Ev­i­dence is ‘limited’ on risk of drink in preg­nancy

The Scotsman - - Features - BY JANE KIRBY

Ev­i­dence that light drink­ing in preg­nancy can harm an un­born baby is “sur­pris­ingly limited”, a re­view has found.

Ex­perts dis­cov­ered very lit­tle ev­i­dence that light drink­ing in preg­nancy cause­shar­monis­sues­such as birth de­fects, de­vel­op­men­tal de­lay, be­havioural prob­lems and im­paired in­tel­li­gence.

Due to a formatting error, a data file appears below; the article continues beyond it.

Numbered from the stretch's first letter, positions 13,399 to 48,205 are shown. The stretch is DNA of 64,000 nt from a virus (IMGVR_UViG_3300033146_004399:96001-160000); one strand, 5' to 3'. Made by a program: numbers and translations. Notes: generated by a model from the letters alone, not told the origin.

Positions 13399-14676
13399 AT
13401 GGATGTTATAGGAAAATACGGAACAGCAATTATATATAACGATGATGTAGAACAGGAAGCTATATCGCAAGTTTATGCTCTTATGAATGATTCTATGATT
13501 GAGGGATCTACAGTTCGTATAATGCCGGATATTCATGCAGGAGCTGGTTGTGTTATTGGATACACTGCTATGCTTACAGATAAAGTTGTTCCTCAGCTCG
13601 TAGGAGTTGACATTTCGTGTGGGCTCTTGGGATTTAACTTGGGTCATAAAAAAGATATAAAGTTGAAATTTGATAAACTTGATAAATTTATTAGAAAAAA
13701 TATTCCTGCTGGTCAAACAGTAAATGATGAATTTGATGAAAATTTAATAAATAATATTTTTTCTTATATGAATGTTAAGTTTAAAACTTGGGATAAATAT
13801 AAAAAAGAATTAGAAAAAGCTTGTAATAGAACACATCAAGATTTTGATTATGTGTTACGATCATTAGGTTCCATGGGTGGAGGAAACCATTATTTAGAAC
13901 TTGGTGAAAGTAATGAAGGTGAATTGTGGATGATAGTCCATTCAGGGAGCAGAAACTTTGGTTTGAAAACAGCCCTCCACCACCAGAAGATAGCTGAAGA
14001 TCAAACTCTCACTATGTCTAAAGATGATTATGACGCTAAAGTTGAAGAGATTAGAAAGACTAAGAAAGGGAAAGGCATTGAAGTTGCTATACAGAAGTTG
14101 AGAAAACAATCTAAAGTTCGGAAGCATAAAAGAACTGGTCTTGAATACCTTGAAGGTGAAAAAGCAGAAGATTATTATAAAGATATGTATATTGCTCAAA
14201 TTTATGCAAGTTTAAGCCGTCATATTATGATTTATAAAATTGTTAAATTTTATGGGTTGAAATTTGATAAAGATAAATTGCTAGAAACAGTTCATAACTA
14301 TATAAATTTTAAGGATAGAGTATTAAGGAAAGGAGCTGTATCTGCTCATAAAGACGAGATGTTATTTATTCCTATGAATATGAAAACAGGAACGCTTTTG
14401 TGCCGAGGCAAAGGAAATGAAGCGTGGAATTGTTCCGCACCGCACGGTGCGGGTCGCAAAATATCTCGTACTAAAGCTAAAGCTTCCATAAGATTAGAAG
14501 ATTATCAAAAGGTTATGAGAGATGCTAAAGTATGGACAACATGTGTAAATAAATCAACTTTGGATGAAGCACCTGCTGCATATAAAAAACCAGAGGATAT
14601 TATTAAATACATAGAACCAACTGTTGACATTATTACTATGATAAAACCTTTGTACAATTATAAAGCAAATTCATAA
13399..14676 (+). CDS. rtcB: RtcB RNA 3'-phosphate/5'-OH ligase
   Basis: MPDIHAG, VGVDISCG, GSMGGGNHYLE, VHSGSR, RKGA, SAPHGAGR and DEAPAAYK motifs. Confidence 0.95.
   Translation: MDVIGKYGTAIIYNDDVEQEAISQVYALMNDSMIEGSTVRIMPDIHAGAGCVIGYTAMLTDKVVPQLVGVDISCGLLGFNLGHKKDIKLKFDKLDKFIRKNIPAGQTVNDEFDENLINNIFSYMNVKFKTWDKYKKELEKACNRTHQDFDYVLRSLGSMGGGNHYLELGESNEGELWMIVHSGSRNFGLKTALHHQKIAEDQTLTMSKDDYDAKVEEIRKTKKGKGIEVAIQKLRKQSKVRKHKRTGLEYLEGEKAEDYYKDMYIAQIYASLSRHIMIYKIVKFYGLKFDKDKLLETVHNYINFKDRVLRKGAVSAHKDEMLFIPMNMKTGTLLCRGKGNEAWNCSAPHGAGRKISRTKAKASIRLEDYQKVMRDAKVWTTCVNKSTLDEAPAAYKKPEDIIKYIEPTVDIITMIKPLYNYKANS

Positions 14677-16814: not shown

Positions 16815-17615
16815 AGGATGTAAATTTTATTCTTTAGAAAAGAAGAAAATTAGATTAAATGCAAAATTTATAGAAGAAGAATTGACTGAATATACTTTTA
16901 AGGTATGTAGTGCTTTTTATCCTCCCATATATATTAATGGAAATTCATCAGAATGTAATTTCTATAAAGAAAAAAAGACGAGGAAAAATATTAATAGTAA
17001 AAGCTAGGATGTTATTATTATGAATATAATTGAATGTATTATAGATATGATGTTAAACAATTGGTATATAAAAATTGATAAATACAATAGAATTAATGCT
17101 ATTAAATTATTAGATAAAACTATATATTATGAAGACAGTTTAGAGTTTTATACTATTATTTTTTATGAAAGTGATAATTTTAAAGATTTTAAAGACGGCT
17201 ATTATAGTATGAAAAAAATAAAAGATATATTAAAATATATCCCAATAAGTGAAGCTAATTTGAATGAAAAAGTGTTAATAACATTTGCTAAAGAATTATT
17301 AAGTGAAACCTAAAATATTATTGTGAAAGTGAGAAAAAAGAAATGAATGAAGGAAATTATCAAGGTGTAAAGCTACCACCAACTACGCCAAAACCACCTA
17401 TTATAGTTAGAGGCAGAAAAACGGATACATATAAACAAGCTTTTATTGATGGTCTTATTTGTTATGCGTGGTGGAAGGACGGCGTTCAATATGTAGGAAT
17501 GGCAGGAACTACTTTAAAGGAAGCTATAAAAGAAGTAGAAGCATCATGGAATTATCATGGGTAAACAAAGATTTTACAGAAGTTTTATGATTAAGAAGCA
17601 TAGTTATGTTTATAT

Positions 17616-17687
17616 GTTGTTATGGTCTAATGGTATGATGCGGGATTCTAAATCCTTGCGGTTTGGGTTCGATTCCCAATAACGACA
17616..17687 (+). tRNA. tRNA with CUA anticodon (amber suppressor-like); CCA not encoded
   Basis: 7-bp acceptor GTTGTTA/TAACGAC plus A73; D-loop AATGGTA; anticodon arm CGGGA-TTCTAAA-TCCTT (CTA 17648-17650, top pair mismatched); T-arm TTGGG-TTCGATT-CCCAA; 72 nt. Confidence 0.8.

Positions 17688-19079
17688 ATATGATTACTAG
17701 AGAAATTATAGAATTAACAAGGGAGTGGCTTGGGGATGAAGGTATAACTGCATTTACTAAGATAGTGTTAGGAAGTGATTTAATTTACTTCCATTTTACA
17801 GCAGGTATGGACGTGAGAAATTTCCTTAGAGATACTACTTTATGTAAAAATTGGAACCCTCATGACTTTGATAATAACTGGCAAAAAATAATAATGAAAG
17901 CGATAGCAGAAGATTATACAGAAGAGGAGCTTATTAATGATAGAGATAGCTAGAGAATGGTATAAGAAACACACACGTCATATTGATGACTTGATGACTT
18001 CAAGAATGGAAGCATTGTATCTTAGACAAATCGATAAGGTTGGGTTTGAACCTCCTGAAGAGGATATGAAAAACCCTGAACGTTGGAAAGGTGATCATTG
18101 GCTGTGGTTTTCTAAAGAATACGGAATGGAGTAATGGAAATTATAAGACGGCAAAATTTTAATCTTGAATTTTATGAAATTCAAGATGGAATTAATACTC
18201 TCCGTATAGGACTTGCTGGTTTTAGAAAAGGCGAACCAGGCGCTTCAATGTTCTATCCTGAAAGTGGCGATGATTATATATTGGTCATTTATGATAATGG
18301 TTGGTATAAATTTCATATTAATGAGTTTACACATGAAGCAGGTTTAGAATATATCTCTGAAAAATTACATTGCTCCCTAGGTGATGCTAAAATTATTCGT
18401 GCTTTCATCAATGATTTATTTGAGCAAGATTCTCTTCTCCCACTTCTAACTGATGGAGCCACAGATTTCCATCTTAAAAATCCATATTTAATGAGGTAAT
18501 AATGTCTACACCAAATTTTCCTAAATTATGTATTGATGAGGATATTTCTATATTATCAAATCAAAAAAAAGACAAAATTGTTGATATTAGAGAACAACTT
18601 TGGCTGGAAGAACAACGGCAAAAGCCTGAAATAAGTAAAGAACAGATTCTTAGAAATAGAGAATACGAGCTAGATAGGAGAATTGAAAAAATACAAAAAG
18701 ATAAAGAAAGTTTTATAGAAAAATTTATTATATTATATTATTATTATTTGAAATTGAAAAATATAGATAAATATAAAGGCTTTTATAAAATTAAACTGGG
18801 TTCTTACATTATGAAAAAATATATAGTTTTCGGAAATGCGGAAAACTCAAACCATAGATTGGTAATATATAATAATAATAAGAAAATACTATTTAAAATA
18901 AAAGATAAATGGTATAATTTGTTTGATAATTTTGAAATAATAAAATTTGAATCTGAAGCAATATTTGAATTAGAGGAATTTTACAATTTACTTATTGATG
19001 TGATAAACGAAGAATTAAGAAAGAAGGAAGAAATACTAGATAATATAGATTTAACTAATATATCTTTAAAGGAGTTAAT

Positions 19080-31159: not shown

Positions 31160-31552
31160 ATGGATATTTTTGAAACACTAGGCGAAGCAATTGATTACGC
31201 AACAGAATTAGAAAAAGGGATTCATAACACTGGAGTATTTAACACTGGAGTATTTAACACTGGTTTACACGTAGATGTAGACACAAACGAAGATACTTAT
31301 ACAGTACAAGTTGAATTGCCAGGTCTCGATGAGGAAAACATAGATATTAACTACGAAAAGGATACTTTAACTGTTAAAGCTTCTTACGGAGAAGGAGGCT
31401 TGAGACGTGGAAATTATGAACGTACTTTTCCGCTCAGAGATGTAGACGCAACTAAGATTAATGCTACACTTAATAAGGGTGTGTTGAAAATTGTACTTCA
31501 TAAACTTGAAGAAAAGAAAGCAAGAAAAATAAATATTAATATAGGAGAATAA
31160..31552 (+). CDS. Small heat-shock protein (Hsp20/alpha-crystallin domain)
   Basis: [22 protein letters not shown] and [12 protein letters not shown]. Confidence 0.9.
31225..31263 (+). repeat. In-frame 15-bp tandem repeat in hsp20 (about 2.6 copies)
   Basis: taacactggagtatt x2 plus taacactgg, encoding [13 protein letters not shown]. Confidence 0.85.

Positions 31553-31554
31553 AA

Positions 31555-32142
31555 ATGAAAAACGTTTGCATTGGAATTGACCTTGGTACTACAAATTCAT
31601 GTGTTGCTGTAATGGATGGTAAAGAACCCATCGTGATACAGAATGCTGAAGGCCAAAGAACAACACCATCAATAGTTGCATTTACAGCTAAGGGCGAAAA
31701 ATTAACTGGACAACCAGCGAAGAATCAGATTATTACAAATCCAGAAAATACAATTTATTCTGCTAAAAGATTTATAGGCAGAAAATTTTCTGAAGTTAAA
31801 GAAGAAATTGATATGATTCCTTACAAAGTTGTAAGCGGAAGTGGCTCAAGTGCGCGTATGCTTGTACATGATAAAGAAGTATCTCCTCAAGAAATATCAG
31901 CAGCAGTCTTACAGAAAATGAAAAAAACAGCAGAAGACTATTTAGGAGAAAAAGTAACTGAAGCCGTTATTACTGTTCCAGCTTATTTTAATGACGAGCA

But the team warned that a lack of ev­i­dence is not proof that it is fine to drink, and they still rec­om­mend that preg­nant women do not drink al­co­hol just in case.

Of­fi­cial NHS guid­ance from UK Chief Med­i­cal Of­fi­cers says that preg­nant women should not drink be­cause “ex­perts are still un­sure ex­actly how much – if any – al­co­hol is com­pletely safe for you to have while you’re preg­nant”. It adds: “Drink­ing in preg­nancy can lead to longterm harm to the baby.”

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